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What is strata and does it work?

by Greg on November 29, 2018

strata

A relatively new concept introduced in the mid-twentieth century, strata management now encompasses a quarter million lots in Australia alone. Other western countries are catching up fast. Most new residential sales are made with strata properties and the numbers are steadily rising. But very few people know what strata management is, and what it brings to the table. It’s a new way of purchasing residential properties, with different management and rules surrounding it. There are some differences between strata and other kinds of title sales.

1. What you own exactly

When purchasing an apartment or unit through strata management, you get partial ownership of a strata title. The main part of a strata title is what is called a “lot”. The lot encompasses everything within the four walls of the space you’ll be living in. The other part is called the common area. Common areas are parts of the building that aren’t your apartment. This includes hallways, the lobby, entrances etc. This also includes outside elements like gardens and parking lots for automobiles.
You make the decisions regarding your own lot, but the common areas can be a tricky subject. You and the other residents share ownership of these areas and have a responsibility to care good care of them. Since the apartment complex can be quite large and include lots of people, this might lead to conflicts. Disagreements regarding upkeep are one of the reasons body corporate exists.

2. What is the role of body corporate

More commonly referred to as the Owners Corporation, body corporate is a legal entity that is in charge of the strata title. It manages and maintains the common areas of the properties. It deals with all the physical issues of the structures, both internal and external. Another important role of that body corporate is that of a mediator for the owners. Any disputes or issues between lot owners are resolved through this entity. This is where you take your complaints.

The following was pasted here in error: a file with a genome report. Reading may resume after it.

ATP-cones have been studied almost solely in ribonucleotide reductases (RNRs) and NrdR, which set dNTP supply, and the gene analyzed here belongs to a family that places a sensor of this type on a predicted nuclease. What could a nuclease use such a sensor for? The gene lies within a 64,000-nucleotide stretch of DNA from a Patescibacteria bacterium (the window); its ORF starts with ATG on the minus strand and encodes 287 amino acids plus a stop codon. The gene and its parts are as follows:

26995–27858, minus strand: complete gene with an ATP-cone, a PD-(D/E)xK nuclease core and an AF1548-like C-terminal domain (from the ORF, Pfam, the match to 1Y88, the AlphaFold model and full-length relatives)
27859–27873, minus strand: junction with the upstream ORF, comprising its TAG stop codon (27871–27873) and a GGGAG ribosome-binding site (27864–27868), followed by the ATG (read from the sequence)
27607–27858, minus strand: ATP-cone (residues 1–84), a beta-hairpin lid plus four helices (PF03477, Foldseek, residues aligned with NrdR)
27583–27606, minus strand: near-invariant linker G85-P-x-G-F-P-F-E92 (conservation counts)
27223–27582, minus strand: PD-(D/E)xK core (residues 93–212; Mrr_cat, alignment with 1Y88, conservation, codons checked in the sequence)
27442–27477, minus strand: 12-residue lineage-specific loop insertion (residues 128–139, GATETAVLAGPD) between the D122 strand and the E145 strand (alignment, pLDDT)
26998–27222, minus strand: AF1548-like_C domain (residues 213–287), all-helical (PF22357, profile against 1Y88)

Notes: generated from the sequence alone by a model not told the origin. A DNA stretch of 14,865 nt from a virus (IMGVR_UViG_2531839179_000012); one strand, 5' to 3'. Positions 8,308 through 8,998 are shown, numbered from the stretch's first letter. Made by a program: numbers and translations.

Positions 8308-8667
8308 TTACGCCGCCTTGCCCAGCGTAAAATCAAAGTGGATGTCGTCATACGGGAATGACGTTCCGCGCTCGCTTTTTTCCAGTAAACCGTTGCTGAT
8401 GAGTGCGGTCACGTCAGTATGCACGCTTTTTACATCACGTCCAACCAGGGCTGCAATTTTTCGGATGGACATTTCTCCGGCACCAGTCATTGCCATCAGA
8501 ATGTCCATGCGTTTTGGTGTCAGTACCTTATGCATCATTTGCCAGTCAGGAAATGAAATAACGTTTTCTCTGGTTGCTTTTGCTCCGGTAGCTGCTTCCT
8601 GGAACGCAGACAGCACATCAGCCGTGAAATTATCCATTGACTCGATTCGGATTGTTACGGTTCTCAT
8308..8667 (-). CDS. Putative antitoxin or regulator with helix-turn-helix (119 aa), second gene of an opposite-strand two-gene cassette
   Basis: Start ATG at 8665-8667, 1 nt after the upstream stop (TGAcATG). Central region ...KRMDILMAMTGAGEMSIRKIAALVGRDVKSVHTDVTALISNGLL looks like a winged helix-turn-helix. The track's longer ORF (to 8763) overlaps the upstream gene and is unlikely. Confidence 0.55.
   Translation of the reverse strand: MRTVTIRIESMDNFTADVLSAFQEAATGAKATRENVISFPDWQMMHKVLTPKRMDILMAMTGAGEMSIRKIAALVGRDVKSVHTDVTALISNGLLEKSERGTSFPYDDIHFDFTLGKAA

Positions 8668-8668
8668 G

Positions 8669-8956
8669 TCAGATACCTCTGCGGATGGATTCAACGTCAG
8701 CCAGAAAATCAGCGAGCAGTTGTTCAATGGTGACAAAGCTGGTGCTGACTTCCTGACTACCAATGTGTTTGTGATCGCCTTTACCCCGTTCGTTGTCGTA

Issues can arise from the most menial things like car noises or parking disputes. If the matter at hand is something more important, you should consult the by-laws of your strata complex. Lower-level issues are often resolved democratically. All the owners come together and vote on how to solve the problem.

3. There are rules to watch out for

There are lots of rules and regulations that you have to follow as an owner of a lot. You have to get the right insurance for your property. Often this is just contents insurance, while the rest is covered by the building’s insurance agreement. General meetings are a must. These are gatherings of lot owners where issues and disputes are discussed in detail. If you must avoid a meeting, you can nominate someone to go in your stead.

Body corporate also has rules that govern it. It has to uphold any and all laws and regulations set by the government legislation. A register of all lot owners and members of the committee has to be preserved. All records of general meetings must also be kept. These documents must be available to any and all lot owners if requested.

4. Sometimes you need mediators

With the many rules and by-laws you have to follow, it’s easy to lose track of some of them and end up in an avoidable dispute. Even body corporate doesn’t always have the necessary knowledge to solve a conflict between two owners. This is why strata management often calls upon a professional from companies like Eling Strata Management that will set the records straight.

The mediator is usually a legal expert with knowledge of strata title laws. They will provide an unbiased point of view in the dispute and try to come to a resolution. This result might not satisfy both parties, but you can be sure that the law is being followed to a T.

5. Your rights are accounted for

As the owner of a strata title, you are given certain rights. Lining peacefully and not being disturbed is one of those rights. This is a right you share with your neighbors and that means maintaining that peace is everyone’s duty. In an apartment, you should expect a bit more noise than if you lived in a freestanding house, but nonetheless, you should expect peace and quiet.
Health issues are something that is considered as well. Body corporate can put restrictions on smoking if it proves to be a health hazard. The owner of another lot could have asthma and be extra sensitive to harmful smoke. This isn’t a law set in stone, however. It’s up to the Owners Corporation and it can be put to a vote.

Conclusion

It differs a bit from other land title systems, but the basics of strata management are the same. Disputes with neighbors, having to get insurance and such are a part of living near other people and can’t really be avoided. Now that you know some important facets of strata title ownership, you can start moving in.

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